Becky’s One Hundred and Forty-Nine Book Review: “Mother, Mother” by Koren Zailckas

“Mother, Mother” by Koren Zailckas is one of the more disturbing books that I have ever read. That being said, it was a really good read. I’m not sure why exactly having a happy, loving childhood makes me enjoy reading disturbing books so much. I certainly was not disappointed by what I got when I picked up “Mother, Mother”.

Two siblings, William Hurst and Violet Hurst, narrate the book each doing a chapter at a time. I really enjoy this writing technique because I am able to learn how differently each character feels about the same situation and the same people. It was especially interesting to read this book from the perspective of two siblings since the ‘villain’ in the story changes depending on who is narrating. Violet’s villain is their mother, Josephine. William’s villain changes a few times between their older sister Rose who ran away, or their father Douglas, or his sister Violet, or whichever person comes into the story with the goal of separating him from his mother.

William is home schooled because of his recent diagnosis of Asperger’s and epileptic seizers and is very loyal to his mother. Their relationship is a little icky at times. Even though he has been diagnosed with special needs, the amount of babying that his mother does is excessive. She does everything from choosing his clothes, to cutting up his food, to flossing his teeth, to helping him pull up his pants after going to the bathroom. There is a difference between helping someone who needs assistance and making sure that they are completely dependent on you.

Violet is considered the screw-up in the family. She does drugs, she goes through different phases of religious worship, she starves herself, and her most significant rebellion, she doesn’t just do what her mother tells her to do. When we first meet her, she had been hospitalized because she had a psychotic breakdown after doing ‘seeds’. (Having done zero research on this, I am not sure if this is really a thing or not but Violet takes morning glory seeds with the intention of having a hallucinatory experience, similar to LSD). During her drug trip, Violet allegedly cuts William’s hand with a knife that she was waving around. Violet has no memory of doing this or of anything else that went on during the drug trip that resulted in her being locked up. “She’d been evicted from her life and – shitty as her life had been, willing as she had been to throw it away – that still sucked. Hospital life didn’t feel like living. It felt like an airport, some dehumanizing, transitional space where the flights were delayed and most people treated each other with less care than they gave their luggage.” (Mother, Mother, pg 183). Violet has to find a way to determine what happened the night that Will got hurt and what her mother was making up. Her father was blackout drunk that night and doesn’t have a clue. It isn’t until Violet informs him that CPS (child protective services) came to see her in the hospital that he begins asking questions.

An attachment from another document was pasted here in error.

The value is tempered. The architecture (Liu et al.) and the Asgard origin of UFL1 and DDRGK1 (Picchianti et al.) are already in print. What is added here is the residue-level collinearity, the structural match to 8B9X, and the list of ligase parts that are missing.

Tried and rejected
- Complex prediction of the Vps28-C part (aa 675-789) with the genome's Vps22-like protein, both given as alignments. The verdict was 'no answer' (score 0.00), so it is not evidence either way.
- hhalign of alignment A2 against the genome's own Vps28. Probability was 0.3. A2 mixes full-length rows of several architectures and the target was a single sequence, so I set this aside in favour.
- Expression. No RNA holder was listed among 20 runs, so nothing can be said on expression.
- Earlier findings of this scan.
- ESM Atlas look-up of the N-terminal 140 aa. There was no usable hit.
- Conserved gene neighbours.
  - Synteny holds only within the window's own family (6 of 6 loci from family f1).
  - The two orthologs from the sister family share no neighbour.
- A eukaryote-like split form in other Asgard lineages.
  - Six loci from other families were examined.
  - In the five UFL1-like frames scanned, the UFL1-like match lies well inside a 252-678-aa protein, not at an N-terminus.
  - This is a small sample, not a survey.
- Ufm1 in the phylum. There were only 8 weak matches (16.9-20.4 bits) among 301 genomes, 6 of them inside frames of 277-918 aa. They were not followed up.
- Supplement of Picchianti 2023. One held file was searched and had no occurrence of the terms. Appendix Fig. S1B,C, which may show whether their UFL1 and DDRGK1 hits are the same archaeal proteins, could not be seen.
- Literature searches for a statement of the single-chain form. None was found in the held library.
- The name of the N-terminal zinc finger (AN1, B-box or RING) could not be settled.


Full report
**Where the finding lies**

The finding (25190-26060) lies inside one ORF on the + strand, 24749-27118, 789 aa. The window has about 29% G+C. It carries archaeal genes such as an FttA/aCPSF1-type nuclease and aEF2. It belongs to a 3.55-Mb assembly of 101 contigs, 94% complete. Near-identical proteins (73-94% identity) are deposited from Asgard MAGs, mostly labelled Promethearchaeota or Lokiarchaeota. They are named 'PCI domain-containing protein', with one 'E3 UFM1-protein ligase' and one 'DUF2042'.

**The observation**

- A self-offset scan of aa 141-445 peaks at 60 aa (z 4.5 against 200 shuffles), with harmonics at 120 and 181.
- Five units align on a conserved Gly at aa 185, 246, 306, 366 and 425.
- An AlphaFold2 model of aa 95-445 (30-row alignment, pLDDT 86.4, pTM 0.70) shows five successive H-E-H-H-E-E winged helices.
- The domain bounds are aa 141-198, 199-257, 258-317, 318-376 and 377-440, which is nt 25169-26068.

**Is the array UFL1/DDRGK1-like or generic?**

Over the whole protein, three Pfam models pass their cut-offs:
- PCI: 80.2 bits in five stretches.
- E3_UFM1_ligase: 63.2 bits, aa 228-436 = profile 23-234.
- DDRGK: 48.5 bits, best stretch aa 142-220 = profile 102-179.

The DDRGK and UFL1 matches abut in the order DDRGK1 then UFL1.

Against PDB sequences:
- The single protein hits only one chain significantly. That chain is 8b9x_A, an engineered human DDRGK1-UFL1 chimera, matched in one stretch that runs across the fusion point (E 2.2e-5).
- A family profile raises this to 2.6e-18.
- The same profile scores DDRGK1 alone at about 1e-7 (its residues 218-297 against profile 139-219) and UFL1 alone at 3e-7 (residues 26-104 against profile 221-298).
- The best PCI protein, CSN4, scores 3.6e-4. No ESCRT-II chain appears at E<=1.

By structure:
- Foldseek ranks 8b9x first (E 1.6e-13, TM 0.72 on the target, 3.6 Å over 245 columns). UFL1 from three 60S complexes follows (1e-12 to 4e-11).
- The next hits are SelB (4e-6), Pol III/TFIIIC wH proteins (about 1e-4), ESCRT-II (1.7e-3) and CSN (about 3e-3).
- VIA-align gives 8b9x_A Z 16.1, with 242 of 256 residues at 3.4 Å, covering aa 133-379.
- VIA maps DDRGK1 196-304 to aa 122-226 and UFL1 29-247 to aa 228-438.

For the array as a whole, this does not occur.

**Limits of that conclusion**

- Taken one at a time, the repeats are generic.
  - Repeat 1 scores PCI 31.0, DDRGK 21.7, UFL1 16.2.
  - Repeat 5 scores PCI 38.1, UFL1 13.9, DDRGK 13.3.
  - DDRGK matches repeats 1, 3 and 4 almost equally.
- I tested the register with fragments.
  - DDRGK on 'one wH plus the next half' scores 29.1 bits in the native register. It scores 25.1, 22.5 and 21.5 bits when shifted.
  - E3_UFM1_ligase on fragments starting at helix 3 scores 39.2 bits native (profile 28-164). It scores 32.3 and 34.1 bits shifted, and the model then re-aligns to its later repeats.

It was surreal reading about a father so removed from his home life that he didn’t know CPS had come to the house and didn’t know what happened the night that his daughter had a psychotic break down. It was ridiculous how easily Josephine was able to manipulate her husband to her side or easily blame him for missing something. Josephine is the worst kind of mother and I think that Zailckas did a fantastic job displaying that over and over again. “Violet felt for her father in his confusion, she really did, because she was beginning to understand why it had once felt so good to be thinner than the skeleton in her science classroom. Those old symptoms – that twisting pain in her stomach, the migraine headaches, the heart palpitations, the dizzy feeling that made the whole world look like it was positioned on a slant – had been comforting because she’d known exactly what caused them: lack of food. By comparison, life before starvation was agony without logic, bafflement without any identifiable cause.” (Mother, Mother, pg 169)

Would I recommend this book? Absolutely I would recommend it, but not to everyone. I think that the disturbing nature of “Mother, Mother” would turn a lot of people off from reading it. That being said, it is a really well written book that I could not put down. As long as the topic itself doesn’t turn you away, I think this book would appeal to anyone. I am definitely going to get my hands on more of Koren Zailckas writing when I have the chance.

I received this book from Blogging for Books in exchange for this review

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